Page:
A City of Columbus initiative is aiming to help keep kids heading to and from school, as well as all pedestrians, a little safer in town.
The City recently installed the first Rapid Flash High Visibility Crosswalk at the intersection of 27th Street and 18th Avenue, just in time for the start of the new school year. The flashers at that crosswalk, fairly close to Columbus Middle School, North Park Elementary and Columbus Municipal Airport, were replaced after the previous system had fallen by the wayside and Loup Power District requested to take care of the nearby disconnect. Rather than spending money to do that, City officials opted to install one of the new crosswalk systems it already had on hand.
Each set of high-visibility flashers is solar-powered and features voice activation to alert pedestrians when to cross (each one comes with a battery pack to ensure it doesn’t stop working). They're accessible from both sides of the road.
The upgraded pedestrian crosswalk might be a new feature, but it has been in the works for quite some time. City Engineer Rick Bogus said he and colleagues met with various officials from the local school districts prior to the COVID-19 pandemic to discuss crosswalks near schools and get their input on where the new ones could go after many of the existing ones started showing significant wear.
Over the last two fiscal years, City officials budgeted for 28 sets of upgraded pedestrian crosswalks ($5,000 per flasher) to install in various parts of town and are getting ready to do so following new meetings with leaders from the local school districts. Bogus said they won’t be able to put them in everywhere because of state and federal regulations, but the City will consider school officials’ input and target the best 27 additional intersections to start within the coming months.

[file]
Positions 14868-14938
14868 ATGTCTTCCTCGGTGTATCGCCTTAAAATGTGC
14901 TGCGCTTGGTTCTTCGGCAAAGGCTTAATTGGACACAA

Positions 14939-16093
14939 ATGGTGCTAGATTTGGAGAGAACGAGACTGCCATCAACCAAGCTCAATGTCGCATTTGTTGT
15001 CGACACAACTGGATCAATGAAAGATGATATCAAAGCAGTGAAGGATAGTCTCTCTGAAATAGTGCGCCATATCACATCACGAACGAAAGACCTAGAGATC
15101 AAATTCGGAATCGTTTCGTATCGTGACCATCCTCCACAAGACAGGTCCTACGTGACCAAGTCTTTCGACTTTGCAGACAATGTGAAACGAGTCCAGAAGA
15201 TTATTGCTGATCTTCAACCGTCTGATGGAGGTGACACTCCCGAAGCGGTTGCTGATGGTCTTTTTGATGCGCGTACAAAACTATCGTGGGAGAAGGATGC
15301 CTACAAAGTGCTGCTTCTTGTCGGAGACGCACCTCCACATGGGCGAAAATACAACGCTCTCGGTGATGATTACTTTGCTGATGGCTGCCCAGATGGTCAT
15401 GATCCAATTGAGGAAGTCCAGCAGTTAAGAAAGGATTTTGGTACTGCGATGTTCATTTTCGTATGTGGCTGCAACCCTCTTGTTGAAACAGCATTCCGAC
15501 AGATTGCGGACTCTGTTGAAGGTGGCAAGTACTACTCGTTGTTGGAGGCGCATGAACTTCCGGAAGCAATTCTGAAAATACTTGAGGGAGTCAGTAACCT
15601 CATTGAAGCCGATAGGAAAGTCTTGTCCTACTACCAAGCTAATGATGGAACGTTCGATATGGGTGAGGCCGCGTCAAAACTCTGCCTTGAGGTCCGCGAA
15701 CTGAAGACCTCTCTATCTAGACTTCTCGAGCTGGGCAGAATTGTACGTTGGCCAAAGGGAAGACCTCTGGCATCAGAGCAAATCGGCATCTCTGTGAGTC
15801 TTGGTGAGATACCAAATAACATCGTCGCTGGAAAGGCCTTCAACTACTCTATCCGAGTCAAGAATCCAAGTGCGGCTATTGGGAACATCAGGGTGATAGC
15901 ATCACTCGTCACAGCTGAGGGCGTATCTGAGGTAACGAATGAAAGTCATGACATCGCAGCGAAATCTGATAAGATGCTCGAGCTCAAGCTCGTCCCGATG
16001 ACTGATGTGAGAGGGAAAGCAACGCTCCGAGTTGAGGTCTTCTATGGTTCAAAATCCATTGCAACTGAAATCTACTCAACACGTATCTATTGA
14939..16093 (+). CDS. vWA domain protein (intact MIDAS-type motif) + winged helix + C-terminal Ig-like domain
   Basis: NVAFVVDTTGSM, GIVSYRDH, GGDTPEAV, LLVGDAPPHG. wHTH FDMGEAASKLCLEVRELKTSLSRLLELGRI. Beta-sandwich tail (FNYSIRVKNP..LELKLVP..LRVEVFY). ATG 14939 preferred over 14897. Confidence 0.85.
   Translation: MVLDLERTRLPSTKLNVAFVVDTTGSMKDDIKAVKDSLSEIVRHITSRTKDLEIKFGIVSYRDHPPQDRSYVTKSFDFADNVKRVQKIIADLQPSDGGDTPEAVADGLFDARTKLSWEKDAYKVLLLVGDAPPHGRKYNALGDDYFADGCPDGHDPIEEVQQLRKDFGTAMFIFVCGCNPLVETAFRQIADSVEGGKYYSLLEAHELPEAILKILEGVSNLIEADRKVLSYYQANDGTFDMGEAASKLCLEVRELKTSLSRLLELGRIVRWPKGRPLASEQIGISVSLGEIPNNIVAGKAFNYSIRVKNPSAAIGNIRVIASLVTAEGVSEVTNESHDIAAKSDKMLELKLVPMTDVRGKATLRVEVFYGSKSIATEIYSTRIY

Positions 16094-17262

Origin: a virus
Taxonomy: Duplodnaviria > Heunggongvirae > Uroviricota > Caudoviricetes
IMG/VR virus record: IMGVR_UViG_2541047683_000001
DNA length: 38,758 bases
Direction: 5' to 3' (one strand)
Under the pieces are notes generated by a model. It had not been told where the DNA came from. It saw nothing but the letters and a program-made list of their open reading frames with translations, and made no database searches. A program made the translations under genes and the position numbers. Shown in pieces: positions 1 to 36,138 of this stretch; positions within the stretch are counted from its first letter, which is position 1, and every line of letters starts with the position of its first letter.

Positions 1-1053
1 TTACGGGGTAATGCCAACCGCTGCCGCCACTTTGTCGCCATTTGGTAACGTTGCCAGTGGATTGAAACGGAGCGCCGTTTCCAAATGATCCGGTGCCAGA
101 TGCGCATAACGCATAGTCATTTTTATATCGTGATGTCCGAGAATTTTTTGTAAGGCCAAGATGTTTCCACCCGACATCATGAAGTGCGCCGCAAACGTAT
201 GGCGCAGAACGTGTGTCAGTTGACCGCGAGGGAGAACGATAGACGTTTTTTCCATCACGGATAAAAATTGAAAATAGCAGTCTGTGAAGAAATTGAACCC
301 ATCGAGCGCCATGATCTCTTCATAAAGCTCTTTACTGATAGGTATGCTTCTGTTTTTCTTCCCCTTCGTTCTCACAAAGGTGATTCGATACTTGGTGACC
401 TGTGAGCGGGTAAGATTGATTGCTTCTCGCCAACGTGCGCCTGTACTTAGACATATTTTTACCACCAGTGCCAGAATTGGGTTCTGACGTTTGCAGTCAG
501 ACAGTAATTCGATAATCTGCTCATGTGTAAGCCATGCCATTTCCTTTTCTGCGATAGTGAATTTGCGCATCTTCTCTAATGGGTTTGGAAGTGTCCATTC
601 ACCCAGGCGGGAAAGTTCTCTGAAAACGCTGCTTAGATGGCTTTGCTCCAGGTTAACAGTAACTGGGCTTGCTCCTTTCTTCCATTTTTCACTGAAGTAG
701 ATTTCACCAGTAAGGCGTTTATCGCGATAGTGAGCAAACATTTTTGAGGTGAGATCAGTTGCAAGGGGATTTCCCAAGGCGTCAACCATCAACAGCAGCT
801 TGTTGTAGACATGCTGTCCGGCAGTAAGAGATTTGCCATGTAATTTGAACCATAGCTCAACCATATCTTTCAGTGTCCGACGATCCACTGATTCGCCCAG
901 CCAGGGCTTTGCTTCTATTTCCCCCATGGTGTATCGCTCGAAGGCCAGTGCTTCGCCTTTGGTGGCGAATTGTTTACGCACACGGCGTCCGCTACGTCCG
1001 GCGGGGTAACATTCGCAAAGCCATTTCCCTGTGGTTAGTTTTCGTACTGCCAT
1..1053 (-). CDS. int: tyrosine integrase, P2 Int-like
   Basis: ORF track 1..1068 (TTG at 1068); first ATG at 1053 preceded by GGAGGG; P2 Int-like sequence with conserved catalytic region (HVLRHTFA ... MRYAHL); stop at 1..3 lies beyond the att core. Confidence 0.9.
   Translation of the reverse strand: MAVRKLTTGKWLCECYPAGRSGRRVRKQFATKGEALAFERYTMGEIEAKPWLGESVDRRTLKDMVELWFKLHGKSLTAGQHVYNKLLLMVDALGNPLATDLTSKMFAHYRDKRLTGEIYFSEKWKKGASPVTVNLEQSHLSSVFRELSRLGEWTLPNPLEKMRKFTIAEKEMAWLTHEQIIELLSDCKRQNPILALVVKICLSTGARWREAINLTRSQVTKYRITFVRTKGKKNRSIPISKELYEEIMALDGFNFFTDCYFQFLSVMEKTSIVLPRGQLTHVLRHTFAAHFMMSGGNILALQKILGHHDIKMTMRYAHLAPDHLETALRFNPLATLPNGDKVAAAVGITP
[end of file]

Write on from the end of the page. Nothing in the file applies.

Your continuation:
City Public Works Director Chuck Sliva was out at the new crosswalk on 18th Avenue on a recent morning testing out the system. He said following the meetings between City and school officials, he anticipates the Public Works crew getting to work to install them in various places throughout town that make the most sense.
“The install time is based on if crossing meets ADA (Americans with Disabilities Act) standards and the location of pole mounts,” Sliva said. “The installation for each one could take anywhere from one-three weeks per crossing pending work and improvements needed.”
Sliva and Bogus said they’re excited for the new crosswalks to get installed as pedestrian safety is paramount. Sliva pushed the button on the flasher one early August morning and heard the voice activation tell him to cross while watching the flashers light up. Still fairly new, several cars ignored the flashers and drove through while waving at Sliva. Admittedly, the public works director found it humorous that people saw him standing there with the flashers going off and waved without stopping. He said he anticipates there will be a learning curve.
“It would probably be a lot different if you see a kid standing here during the school year,” Sliva said. “It will just take people learning how this works.”
Bogus said the 28 sets of flashers will be the first phase of the project, noting he anticipates more being purchased and installed in the coming years as Columbus continues to grow.
“We definitely want kids to be safe walking to and from school,” Bogus said. “We want all our pedestrians to be safe.”
You can see how the new upgraded pedestrian crosswalk already installed works by watching the video tour in English and Spanish on our YouTube channel by clicking here.